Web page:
The Janssen Pharmaceutical Companies of Johnson & Johnson are delighted that the Scottish Medicines Consortium (SMC) accepted SPRAVATO®▼ (esketamine) nasal spray (7th September 2020) for use within NHS Scotland in combination with a selective serotonin reuptake inhibitor (SSRI) or serotonin-norepinephrine reuptake inhibitor (SNRI), for adults with treatment-resistant Major Depressive Disorder (TRD), who have not responded to at least two different treatments with antidepressants in the current moderate to severe depressive episode. SPRAVATO®▼ (esketamine) nasal spray offers a new mechanism of action to treat MDD, in a therapy area that has had little innovation since the introduction of SSRIs or SNRIs over 30 years ago.
Major depressive disorder (MDD) is a significant health condition that has a profound impact on people’s lives. Up to 30 per cent of people living with MDD are considered to have TRD, which can cause significantly lower health-related quality of life, reduced productivity at work and increased absenteeism. Read more here.
The SMC advice is based on data from the robust Phase 3 clinical trial, including the TRANSFORM-2 trial which showed that in adults (aged 18 to 64 years) with treatment resistant depression, esketamine nasal spray plus newly initiated oral antidepressant significantly reduced (p=0.02) the Montgomery-Åsberg Depression Rating Scale (MADRS) total score from baseline to week 4 compared with placebo nasal spray plus newly initiated oral antidepressant.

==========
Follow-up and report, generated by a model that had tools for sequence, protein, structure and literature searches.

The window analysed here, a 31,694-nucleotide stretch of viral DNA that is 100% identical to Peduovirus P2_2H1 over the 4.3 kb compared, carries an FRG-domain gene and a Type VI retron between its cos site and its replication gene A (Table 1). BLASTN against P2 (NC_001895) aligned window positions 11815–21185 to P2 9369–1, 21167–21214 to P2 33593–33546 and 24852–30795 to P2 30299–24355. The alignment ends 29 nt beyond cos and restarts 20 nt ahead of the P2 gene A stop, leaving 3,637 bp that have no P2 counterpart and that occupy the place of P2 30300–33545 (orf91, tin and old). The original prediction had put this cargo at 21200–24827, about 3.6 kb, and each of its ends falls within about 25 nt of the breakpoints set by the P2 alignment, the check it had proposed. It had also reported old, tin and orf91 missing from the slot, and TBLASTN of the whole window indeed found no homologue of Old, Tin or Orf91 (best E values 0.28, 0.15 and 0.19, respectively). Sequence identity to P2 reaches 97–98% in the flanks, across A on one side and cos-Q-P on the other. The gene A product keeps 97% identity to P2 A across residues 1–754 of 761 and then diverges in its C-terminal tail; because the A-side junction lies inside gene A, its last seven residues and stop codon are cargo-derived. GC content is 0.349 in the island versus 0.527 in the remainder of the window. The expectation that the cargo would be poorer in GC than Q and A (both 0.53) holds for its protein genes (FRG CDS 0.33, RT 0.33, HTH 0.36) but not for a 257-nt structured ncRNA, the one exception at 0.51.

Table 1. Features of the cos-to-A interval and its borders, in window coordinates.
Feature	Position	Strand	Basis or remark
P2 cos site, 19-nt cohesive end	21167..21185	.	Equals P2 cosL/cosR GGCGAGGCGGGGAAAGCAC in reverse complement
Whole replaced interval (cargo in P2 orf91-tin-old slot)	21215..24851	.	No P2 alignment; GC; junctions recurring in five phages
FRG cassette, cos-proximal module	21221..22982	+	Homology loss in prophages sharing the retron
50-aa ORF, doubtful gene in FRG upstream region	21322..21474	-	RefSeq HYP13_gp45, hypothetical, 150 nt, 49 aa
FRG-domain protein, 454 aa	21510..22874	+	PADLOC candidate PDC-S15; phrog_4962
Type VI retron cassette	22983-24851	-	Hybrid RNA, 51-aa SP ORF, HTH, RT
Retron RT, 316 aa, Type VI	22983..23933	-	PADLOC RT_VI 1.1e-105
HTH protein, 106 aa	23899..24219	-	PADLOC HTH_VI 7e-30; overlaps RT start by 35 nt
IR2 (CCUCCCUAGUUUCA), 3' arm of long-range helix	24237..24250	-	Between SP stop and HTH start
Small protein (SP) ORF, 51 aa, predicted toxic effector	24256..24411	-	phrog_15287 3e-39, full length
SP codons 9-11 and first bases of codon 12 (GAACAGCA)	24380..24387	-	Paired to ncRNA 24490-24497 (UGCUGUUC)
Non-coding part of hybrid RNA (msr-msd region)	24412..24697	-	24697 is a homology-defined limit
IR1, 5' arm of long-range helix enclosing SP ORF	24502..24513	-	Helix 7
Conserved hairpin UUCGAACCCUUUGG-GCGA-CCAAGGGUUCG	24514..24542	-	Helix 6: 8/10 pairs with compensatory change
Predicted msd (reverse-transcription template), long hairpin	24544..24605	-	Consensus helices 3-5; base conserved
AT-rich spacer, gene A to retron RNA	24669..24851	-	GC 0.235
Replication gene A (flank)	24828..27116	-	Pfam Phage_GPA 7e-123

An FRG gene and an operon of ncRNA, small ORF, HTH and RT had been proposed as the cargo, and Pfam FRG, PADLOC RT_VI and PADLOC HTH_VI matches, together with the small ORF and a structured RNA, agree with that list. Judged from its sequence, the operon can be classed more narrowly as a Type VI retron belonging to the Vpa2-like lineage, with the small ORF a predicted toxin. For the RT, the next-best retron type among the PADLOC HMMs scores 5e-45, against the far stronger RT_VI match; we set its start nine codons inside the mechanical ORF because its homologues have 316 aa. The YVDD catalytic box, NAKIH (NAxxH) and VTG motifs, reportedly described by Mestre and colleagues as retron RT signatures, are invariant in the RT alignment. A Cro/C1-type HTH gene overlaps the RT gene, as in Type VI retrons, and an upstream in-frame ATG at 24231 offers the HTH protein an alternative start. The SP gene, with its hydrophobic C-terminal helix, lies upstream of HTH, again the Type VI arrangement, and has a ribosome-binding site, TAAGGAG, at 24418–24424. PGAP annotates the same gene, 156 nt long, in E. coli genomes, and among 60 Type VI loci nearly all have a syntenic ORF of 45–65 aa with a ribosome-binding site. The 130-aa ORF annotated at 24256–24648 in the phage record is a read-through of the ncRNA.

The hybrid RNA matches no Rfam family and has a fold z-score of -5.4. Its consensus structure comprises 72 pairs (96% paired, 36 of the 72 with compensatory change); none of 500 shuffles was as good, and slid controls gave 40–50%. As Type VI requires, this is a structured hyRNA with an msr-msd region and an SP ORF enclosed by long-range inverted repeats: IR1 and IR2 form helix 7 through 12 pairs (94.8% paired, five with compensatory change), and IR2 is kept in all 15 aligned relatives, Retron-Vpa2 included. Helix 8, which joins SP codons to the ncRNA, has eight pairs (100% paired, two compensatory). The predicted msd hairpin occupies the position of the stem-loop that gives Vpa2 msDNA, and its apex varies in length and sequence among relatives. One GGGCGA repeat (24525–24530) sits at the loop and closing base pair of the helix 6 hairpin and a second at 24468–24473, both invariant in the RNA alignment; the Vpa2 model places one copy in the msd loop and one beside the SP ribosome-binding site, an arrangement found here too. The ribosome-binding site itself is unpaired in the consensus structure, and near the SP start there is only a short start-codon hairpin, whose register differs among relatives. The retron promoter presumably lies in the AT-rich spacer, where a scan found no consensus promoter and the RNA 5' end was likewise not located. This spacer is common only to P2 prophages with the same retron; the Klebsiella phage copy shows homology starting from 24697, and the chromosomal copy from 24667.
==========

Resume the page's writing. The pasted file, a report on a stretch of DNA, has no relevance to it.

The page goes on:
However, the company is disappointed with the National Institute for Health and Care Excellence (NICE) second draft guidance published on 3rd September, that does not recommend SPRAVATO®▼ (esketamine) nasal spray in England.[i]
“It is a real shame that this treatment will now need to go through a third appraisal committee and is extremely frustrating for clinicians and for patients living with treatment-resistant major depressive disorder who are in desperate need of an alternative treatment option,” commented Amanda Cunnington, Director of Health Economics, Market Access & Reimbursement (HEMAR) and Advocacy, Janssen-Cilag Limited. “It is important that Janssen and NICE work together along with other stakeholders to make sure that innovative treatments in mental health, such as esketamine nasal spray, are able to navigate the NICE appraisal process and, once approved, be used in clinical practice.
There are real challenges in the way mental healthcare is considered that limits access and uptake of innovation, which contributes to the disparity between treatments for physical and mental health.”
NICE has recognised the negative impact treatment-resistant depression has on patients, their families and carers, and the unmet need for new effective treatment options. Depression is the leading cause of disability worldwide and is one of the conditions most frequently associated with suicide.[ii],[iii] Major depressive disorder is a serious disease that causes a significant, negative impact on the way people think, feel and act.[iv] Symptoms and severity vary by person and may include: persistent feelings of sadness; hopelessness or tension; changes in sleep or appetite; difficulty concentrating or performing activities of daily living; lack of interest; and/or thoughts of harming themselves.[iv],[v]